Even if you’re not an avid Netflix watcher, you may have recently heard of Marie Kondo. She is a “tidying expert” who developed a method of organizing known as the KonMari Method. Though she wrote a popular book called The Life-Changing Magic of Tidying Up years ago, she has gained recent popularity with her Netflix show Tidying Up with Marie Kondo.
In the episode called Sparking Joy After Loss, Marie helps a recently widowed woman named Margie. Margie has lost her husband nine months prior and still had all of her husband’s many belongings.
Through the KonMari Method, she was able to let go of many of her husband’s belongings, go through her own, and begin to rebuild her life.
Going through your deceased loved one’s possessions is never easy — especially if they hold special memories. However, in order to continue your own life, sometimes it’s necessary to let go of some of these items.
We are highlighting some of Marie Kondo’s tips as well as some of our own to help you clean and organize your home after a loss of a loved one.
This is the second part of a two-part blog about death cleaning. Check out part one here.
Take Care of Your Own Items First
Before Margie even began to touch her late husband’s clothing, it was important that she went through her own. She was to lay every article of clothing she owned on her bed and decide if each item “sparked joy” — made her feel happy. Getting this task out of the way would make it easier to go through her husband’s stuff. However, when it was time to go through her books, Margie asked to bend the rules of the method a little. She felt it would be most helpful for her to finish the bedroom, which meant going through her husband’s clothes.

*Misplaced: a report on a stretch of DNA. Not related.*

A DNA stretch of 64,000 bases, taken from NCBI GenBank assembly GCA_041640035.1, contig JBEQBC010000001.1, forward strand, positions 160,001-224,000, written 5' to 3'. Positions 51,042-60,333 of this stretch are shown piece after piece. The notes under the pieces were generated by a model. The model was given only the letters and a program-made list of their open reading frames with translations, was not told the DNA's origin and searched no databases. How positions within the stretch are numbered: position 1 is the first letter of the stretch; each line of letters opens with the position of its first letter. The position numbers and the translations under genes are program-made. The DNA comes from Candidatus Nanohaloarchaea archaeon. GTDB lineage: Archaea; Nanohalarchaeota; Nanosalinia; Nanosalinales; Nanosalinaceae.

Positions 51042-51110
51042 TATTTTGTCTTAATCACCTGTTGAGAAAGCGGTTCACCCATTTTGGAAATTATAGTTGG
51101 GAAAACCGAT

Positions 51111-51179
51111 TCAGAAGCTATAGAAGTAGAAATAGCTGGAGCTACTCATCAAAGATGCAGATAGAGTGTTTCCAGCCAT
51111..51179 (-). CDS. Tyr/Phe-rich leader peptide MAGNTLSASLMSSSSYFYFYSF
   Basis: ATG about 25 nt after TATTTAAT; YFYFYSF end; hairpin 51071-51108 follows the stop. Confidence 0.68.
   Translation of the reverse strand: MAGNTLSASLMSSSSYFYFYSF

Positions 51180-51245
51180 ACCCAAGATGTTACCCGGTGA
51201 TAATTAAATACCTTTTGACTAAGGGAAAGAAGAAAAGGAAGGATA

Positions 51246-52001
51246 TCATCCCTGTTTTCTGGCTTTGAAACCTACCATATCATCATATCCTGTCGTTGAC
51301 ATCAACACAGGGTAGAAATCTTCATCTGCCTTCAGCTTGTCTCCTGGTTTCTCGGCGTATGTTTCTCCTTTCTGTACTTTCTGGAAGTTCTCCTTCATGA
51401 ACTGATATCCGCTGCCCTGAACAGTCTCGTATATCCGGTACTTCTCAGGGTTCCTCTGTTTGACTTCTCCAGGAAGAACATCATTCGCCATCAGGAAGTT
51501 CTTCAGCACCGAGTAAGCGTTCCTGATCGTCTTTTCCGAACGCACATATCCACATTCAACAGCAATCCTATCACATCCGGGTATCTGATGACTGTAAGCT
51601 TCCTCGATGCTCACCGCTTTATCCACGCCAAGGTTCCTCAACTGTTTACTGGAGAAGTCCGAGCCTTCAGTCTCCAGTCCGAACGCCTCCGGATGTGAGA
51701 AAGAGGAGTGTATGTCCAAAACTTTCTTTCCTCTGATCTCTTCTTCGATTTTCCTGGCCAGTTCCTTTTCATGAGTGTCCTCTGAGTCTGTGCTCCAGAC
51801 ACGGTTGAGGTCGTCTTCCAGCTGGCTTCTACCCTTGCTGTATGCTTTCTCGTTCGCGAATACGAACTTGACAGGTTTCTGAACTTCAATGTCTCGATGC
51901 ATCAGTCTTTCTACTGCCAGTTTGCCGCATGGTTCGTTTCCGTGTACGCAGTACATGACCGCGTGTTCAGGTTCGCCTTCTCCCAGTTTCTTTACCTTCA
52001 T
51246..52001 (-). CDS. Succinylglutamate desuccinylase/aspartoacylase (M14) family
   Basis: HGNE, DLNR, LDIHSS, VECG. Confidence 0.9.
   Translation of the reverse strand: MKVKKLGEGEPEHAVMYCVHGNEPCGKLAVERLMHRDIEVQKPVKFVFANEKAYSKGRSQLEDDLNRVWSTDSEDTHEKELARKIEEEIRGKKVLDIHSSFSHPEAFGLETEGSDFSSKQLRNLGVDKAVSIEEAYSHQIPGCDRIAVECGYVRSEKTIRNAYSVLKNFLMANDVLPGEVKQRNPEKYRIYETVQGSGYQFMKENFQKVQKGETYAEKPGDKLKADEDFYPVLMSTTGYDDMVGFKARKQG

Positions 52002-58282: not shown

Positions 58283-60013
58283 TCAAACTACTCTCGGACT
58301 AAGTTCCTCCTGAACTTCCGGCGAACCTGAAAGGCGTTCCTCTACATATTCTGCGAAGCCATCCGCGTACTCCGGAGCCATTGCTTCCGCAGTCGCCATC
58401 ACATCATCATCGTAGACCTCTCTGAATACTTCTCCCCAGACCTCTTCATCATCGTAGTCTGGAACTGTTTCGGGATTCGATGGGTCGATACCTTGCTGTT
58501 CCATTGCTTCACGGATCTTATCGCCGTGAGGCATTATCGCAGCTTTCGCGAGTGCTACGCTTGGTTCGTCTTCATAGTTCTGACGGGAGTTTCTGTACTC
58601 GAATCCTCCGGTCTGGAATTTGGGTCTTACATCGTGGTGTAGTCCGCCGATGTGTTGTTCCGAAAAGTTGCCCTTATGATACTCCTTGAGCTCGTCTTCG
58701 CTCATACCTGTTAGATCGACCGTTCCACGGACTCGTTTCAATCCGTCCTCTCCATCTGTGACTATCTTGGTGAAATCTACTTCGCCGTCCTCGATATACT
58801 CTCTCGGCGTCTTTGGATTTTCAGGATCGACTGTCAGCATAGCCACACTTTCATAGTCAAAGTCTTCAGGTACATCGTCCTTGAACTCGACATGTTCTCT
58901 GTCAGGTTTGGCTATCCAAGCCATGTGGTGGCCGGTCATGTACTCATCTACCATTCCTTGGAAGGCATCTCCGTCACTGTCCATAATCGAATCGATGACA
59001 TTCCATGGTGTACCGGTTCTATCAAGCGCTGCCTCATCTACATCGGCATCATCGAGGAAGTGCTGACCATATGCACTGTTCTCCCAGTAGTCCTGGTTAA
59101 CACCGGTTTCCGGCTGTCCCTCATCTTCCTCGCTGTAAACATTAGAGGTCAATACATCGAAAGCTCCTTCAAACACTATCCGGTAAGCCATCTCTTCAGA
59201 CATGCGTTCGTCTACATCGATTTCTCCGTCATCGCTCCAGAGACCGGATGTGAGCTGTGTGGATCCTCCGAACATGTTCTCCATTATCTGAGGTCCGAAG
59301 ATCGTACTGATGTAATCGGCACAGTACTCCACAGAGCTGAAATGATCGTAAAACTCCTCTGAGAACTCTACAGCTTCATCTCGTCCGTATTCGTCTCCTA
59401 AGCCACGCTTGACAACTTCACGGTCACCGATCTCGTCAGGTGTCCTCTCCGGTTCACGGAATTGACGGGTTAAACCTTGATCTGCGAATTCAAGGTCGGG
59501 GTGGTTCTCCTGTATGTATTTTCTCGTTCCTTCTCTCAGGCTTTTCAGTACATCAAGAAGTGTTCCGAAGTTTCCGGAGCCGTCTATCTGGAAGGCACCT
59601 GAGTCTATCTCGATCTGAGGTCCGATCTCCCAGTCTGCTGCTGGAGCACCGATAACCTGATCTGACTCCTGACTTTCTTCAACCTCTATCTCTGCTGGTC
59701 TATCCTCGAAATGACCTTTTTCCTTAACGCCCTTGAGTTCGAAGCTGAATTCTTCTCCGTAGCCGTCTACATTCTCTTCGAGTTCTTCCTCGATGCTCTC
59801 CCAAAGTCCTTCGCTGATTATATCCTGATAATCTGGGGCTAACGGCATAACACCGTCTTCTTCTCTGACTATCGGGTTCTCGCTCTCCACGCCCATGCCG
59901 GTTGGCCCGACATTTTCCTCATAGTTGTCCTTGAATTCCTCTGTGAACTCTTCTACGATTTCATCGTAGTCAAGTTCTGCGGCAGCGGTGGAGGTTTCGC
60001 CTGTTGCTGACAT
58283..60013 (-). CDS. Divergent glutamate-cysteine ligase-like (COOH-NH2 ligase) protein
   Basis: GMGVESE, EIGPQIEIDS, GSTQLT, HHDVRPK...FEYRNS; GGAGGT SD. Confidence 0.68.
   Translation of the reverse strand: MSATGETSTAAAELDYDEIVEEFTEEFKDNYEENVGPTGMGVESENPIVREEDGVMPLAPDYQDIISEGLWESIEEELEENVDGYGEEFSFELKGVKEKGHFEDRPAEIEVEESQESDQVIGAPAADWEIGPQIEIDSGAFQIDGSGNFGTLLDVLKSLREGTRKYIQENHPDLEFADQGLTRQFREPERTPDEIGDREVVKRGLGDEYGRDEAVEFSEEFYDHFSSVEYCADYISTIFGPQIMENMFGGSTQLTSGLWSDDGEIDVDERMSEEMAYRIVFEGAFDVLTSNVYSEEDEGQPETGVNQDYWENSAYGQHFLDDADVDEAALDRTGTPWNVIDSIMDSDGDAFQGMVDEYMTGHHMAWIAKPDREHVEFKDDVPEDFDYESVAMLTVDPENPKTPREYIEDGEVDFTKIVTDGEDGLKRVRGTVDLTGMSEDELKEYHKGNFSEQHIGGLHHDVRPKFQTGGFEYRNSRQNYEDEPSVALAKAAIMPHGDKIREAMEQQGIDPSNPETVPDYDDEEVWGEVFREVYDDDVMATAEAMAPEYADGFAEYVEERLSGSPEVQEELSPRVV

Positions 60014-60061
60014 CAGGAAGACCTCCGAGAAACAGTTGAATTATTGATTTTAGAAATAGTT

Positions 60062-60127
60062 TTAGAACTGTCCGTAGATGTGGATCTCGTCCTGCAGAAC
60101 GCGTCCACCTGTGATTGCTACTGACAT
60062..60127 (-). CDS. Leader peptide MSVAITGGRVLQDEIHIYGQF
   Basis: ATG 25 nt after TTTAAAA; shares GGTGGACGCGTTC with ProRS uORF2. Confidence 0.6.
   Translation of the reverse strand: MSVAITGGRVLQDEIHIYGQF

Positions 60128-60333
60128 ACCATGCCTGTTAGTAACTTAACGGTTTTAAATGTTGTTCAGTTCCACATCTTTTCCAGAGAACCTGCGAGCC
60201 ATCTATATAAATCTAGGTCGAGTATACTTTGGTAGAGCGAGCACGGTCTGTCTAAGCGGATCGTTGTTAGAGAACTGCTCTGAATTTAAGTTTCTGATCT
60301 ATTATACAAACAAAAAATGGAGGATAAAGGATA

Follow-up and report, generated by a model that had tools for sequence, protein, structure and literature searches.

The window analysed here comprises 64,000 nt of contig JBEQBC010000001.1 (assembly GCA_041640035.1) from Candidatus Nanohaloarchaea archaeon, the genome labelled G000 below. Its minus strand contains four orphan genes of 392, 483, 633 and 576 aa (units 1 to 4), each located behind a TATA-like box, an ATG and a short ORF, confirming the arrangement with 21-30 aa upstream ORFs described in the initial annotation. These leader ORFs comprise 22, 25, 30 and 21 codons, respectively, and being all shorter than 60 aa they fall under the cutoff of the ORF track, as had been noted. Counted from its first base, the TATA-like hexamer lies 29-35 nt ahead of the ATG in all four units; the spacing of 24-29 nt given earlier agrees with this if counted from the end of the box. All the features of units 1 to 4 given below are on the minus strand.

Going through a loved one’s items will be an emotional and difficult task. That’s why going through your own first helps you tackle this tough task with a less stressed and clear mind.
Use This as a Time to Reflect
When the time finally comes that you are ready to get rid of their items, use it as a time to reflect on the future and past. Ask yourself: What is my ideal lifestyle? What do I want my home to look like?
If you are a widow or widower, this may be the first time in a long time that you are making all of these decisions on your own. Use it as a time to decide what you really want, without having to take everyone else’s thoughts into account.
Also, as you go through their belongings, there may be some tears. There may also be memories. Letting go of most of their clothing may be hard, but keep in mind that the memories of your loved one don’t live in their items. They live in your heart and in your mind.
It’s Okay to Keep a Few Things
Just because it’s time to go through their stuff doesn’t mean you don’t deeply miss them. To make this process easier, keep a few of their items that mean the most to you. Margie kept a few shirts and cowboy boots her husband owned. These items represented who he was and how she remembered him.
Get a Support System
If doing this alone is too difficult, recruit some help! Having friends and family members help you will lessen the burden. It also is a great time to share memories and strengthen your connection.
Having them help you make trips to Goodwill, fold clothes, or have a garage sale will make this daunting process much easier.
Decide Where the Future Will Take You
As Margie cleaned and organized her home, she described it as a feeling of rebirth. She wanted to remember and honor her late husband, but at the same time seeing his overflowing drawers and clothes was a constant reminder of her loss.
Your loved one would want you to continue to live your own life, unburdened by having all their unused possessions. This is finally the time for you to think about yourself, your wants, your needs, and the road that lies ahead.
Do you have any tips for letting go of a loved one’s belongings? Share them by commenting below!